With that head start, however, I found myself enjoying a magnificent home library with college textbooks, novels, and books on sociology language, psychology and literature; at 11 I was reading my father’s 1936 physics book – and also Tolstoy,Chekhov, and Twain, accounts of World War II, and mother’s JC general education texts, as well as things like the Golden Bough, the Bhagavad-Gita and the huge unabridged dictionaries once fashionable in educated households.

    I built what I can call a “rail-gun” in my bedroom while experimenting with electromagnets at 11 or 12, which eventually led to a 21-year career in electronics in the US Army, and some 30 years in engineering (sans-degree or coursework) after I retired from the Service.

    Some time in Junior-High or High-School, I had found reading textbooks through on my own until I absorbed the content could get me good scores on examinations, and I accepted poor grades as irrelevant to my goal: I just wanted to learn, and did.

    This was not accepted at home and in school.

    The now-classic executive function/working memory deficits of HFA resulted in my not even wanting to turn in homework on subjects I had learned on my own already, and even though my PSAT scores had amazed staff and family, at 17 I ran away from home and joined the Army.

    I now ascribe the difficulties bright but learning-disabled children encounter as much to an unwillingness to give teachers and staff the freedom to modify a traditional 19th-Century approach, conformity. respect, silence and rote, and codes of student conduct that say little about *learning*; as much and as well to adoption of statistical process control and verification as a tool to control funding and hiring — education by checklist.

    My experience growing up, as well as in the military and industry, has convinced me that checklists are a hallmark of desperation, and — almost always — a last-ditch (and futile) attempt to achieve mediocrity. Or impose it.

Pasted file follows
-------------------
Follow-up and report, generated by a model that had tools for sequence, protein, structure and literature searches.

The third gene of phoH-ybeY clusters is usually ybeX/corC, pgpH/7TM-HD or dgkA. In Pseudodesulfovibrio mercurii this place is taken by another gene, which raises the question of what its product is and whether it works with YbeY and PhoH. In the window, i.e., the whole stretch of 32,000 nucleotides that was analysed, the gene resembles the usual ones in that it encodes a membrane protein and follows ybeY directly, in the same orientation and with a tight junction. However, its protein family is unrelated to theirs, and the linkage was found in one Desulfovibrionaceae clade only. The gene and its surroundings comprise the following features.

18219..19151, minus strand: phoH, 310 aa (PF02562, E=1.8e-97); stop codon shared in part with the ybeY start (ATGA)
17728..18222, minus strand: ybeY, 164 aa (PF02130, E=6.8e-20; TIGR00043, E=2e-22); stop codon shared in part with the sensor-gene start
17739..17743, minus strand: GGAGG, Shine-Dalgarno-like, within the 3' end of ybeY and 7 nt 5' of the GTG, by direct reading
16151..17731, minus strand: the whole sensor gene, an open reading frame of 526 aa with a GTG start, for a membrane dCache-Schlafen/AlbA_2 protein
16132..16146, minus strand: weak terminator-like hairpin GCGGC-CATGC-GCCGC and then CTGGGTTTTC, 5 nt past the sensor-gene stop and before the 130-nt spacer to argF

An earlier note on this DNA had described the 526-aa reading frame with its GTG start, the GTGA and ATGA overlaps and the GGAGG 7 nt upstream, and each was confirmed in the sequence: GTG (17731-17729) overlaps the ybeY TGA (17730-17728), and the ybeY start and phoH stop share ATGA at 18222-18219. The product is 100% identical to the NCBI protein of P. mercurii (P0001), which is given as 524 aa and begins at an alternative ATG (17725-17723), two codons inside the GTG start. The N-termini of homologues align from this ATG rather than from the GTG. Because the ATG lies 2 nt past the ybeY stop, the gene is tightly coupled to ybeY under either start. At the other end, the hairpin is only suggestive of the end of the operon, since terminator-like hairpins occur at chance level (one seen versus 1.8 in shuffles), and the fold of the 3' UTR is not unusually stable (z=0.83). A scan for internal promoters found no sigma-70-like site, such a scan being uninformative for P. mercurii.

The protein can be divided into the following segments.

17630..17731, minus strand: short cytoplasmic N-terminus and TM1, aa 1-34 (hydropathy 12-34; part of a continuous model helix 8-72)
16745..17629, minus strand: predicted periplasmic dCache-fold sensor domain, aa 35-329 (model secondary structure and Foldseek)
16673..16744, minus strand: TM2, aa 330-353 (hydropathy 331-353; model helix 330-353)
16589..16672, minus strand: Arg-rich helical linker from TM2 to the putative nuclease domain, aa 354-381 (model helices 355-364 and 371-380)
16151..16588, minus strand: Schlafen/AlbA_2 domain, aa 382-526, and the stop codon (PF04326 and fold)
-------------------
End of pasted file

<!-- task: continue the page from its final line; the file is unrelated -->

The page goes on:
• Cortland,

      Your experience in school is like many gifted children and many other children who just don’t fit in the box of industrial-style, standardized education. I agree completely with the reasons you gave for why many gifted children don’t do well in school–it is a failure on the part of the school system, not the child.

      Also, having been a teacher, I agree that if we gave teachers more autonomy to educate their students and meet their students individual needs, we’d have less students falling through the cracks. Right now, education is so standardized that we are producing kids who learn compliance, memorization and regurgitation of facts is what constitutes achievement in school.

      I love your quote, “checklists are a hallmark of desperation…and a last ditch attempt to achieve mediocrity.” That is profoundly true.

      I really appreciate you sharing your experience and your thoughts.

  2. I cannot agree enough. I was a “gifted” student who now teaches high school chemistry. I have a true love for learning and for teaching, but I learn best in a very specific style. I frequently would not turn in assignments in high school if I felt they weren’t worth my time/did not contribute anything significant to my understanding of a given topic. For example, I never minded writing essays, answering open-ended analytical questions, etc. However, the second a worksheet or coloring activity was handed to me, I shut down. As a teacher, I now struggle to meet the needs of my gifted students. I have classes of between 28-35 students and all of my classes include both students with IEPs for disabilities and gifted students. I find that worksheets, foldables, and “creative” activities are not only useful but absolutely essential to engage my struggling students, but I have pre-AP, GT labeled students that are failing my class because these assignments leave them bored and annoyed. It is very frustrating as a teacher because I have not yet figured out how to help my special needs students without punishing my gifted students.

    • Oh wow, Amanda, I can understand how it is a struggle to meet the needs of all your students when their needs are so different. And high school has set expectations and standards which resist individualization or accommodations. Your experience as a teacher emphasizes why public education needs to back away from the one-size-fits-all curriculum we often see.

      Thanks for sharing your experience with us!

  3. I am still in school but I continue to learn part-time and I am on the Dean’s honour list.